This review is focused on childhood specific aspects of malaria, especially in resource-poor settings. We summarise the actual knowledge in the field of epidemiology, clinical presentation, diagnosis, management and prevention.
These aspects are important as malaria is responsible for almost a quarter of all child death in sub-Saharan Africa. Malaria control is thus one key intervention to reduce childhood mortality, especially as malaria is also an important risk factor for other severe infections, namely bacteraemia.
In children symptoms are more varied and often mimic other common childhood illness, particularly gastroenteritis, meningitis/encephalitis, or pneumonia. Fever is the key symptom, but the characteristic regular tertian and quartan patterns are rarely observed. There are no pathognomonic features for severe malaria in this age group. The well known clinical (fever, impaired consciousness, seizures, vomiting, respiratory distress) and laboratory (severe anaemia, thrombocytopenia, hypoglycaemia, metabolic acidosis, and hyperlactataemia) features of severe falciparum malaria in children, are equally typical for severe sepsis.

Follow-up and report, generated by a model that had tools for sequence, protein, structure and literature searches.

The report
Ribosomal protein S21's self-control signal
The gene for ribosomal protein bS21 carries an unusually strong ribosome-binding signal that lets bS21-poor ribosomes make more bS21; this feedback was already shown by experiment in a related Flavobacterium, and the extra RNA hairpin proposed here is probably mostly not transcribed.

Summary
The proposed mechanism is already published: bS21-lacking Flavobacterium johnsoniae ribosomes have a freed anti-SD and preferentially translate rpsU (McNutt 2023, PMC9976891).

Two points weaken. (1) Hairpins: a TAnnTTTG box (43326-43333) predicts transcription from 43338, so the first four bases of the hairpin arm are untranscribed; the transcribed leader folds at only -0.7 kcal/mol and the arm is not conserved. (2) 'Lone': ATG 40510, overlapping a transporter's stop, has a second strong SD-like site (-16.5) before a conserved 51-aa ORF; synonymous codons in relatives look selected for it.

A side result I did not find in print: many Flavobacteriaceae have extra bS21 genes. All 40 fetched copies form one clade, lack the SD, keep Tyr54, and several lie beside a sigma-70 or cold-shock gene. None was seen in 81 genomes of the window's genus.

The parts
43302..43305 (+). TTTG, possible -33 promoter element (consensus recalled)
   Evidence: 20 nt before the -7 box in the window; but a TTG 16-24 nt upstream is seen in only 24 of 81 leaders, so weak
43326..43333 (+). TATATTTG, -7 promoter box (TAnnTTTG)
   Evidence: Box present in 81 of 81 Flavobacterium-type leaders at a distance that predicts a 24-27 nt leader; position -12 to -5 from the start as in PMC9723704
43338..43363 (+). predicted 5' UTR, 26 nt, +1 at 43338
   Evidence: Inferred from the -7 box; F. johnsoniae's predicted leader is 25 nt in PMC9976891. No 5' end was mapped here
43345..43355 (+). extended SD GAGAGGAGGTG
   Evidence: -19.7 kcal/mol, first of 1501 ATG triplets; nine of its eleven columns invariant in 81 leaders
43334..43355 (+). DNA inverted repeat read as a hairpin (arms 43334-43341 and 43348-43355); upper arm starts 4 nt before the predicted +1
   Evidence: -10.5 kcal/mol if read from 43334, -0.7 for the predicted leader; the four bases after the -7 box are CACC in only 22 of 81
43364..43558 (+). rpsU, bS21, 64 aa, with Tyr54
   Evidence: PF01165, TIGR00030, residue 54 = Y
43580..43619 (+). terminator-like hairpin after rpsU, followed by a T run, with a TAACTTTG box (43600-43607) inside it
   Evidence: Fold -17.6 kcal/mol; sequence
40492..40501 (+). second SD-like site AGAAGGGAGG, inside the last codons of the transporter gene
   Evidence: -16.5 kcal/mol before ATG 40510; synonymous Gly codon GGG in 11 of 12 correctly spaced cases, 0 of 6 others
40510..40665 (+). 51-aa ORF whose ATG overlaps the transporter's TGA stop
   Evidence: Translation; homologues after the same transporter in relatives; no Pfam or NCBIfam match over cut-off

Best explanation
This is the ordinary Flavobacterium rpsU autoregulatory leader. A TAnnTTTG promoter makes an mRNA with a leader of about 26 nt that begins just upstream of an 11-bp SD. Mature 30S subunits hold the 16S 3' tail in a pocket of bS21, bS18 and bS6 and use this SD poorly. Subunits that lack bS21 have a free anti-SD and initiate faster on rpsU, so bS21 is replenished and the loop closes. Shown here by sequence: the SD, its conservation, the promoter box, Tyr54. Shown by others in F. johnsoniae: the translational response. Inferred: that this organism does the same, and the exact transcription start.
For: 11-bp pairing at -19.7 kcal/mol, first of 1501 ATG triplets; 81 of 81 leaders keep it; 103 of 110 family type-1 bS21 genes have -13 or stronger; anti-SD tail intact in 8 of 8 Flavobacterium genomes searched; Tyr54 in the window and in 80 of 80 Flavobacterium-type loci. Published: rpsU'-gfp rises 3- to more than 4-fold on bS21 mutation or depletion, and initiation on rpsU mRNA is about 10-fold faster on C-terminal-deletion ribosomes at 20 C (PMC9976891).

Appropriate therapy (considering species, resistance patterns and individual patient factors) – possibly a drug combination of an artemisinin derivative with a long-acting antimalarial drug - reduces treatment duration to only three days and should be urgently started.
While waiting for the results of ongoing vaccine trials, all effort should be made to better implement other malaria-control measures like the use of treated bed-nets and new chemoprophylaxis regimens.